Yes, 3 year olds play piano better than I do.
Today I made my second ever appearance as a paid children’s entertainer for Yamaha English school. Apparently my performance as “foreigner Santa” went well enough to get another call.
The event I was working was in nearby Fuji City. Usually when I go to Fuji I take the train, which is comfortable and stress free. Today I got a ride with some of the teachers from Yamaha (all friends of The Penpal). The roads between Numazu and Fuji were narrow and terrifying. The same roads in Canada would have been one way streets or back alleys, but in Japan they were two way streets where we came perilously close to walls or other cars. Even through I have been in Japan for 3 years, part of my brain is still convinced that driving on the left is wrong. This, combined with the narrow roads, made for a scary experience.
We arrived safely and set up for the parties. There were two groups: young kids in the morning and older kids in the afternoon. The Yamaha teachers had a list of activities already prepared, so all I needed to do was speak English, follow the script, and be fun. Highlights included a giant game of rock paper scissors with a line of kids and a ridiculous “Simon Says” type game. Fortunately for everyone involved, I was not required to sing.
By the end I was exhausted, but I had fun and so did the kids. A few of the parents even asked me to pose for pictures with their kids, which I took as a compliment. I’m sure that in a few years nobody will remember why they had a picture with the random Canadian guy.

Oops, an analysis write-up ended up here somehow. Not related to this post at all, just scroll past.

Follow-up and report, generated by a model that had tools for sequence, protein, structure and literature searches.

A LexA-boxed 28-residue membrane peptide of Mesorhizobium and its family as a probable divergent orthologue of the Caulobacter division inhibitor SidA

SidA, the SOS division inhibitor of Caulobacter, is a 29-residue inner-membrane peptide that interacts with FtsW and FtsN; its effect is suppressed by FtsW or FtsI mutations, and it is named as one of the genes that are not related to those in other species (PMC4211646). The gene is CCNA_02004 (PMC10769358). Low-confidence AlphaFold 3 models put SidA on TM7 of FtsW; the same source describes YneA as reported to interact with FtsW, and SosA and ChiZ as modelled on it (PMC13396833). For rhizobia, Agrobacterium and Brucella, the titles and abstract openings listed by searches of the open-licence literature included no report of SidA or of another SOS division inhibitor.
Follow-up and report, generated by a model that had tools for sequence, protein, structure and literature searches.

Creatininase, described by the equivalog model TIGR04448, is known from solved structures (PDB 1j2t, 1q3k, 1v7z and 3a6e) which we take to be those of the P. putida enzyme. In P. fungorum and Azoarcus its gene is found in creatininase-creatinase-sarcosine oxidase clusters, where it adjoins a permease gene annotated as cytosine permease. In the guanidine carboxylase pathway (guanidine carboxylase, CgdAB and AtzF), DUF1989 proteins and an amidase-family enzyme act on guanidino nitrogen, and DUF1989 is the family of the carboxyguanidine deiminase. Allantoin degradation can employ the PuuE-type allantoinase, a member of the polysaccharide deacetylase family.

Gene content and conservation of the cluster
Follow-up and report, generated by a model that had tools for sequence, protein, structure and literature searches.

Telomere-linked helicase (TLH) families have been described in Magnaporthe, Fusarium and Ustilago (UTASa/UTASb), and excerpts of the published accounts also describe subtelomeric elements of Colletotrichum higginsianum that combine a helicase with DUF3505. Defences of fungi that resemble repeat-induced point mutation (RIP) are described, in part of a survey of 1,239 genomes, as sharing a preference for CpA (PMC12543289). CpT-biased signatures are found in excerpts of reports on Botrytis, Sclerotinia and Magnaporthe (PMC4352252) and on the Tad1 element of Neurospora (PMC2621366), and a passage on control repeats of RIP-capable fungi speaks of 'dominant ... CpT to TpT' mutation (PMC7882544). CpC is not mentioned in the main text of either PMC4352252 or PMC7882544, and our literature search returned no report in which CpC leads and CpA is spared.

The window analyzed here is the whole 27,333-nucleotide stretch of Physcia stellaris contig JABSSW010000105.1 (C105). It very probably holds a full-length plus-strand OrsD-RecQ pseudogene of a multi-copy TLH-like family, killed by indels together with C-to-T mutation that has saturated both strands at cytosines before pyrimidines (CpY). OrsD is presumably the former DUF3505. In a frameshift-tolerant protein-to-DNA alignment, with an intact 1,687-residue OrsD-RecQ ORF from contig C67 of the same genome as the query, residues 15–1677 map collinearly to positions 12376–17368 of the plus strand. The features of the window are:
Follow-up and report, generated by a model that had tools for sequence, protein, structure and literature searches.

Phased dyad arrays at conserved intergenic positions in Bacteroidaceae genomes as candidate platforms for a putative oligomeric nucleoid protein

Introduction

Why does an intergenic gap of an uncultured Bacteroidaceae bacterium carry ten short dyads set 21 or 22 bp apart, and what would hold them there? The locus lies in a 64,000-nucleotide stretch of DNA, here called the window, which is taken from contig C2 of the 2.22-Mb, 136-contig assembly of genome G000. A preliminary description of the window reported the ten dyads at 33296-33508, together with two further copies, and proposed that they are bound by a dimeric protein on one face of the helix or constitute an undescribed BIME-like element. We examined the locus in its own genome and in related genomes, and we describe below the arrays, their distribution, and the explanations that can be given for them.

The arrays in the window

I wish I had gotten some pictures or video of my work – it would be fun to look back someday and remind myself of what I did for money while I lived in Japan. I did get a video of parts of the scary ride back to Numazu, which I’m sure will make me thankful for the wide, straight roads of Winnipeg when I move home.
All the respect in the world to full time children’s entertainers – it’s hard work!
A few days ago I was celebrating that without doing anything, my travel agent got me a better connecting flight on my trip home.
Today I received yet another letter from the travel agent. This one said that a fuel surcharge had been applied to the ticket that I had already paid for. I needed to go to their office and pay an additional 5000 yen (about $50) for my ticket home. WTF? I’m not sure if the problem is with the travel agent or Air Canada, but it sucks either way.
On a more positive note, I got to work at Fuji school today, like I will be doing every Friday this month. Working at Fuji is like a vacation compared to Numazu – there are fewer students, the kids classes are well behaved, and the students in Voice are extra friendly, like most schools with a visiting teacher.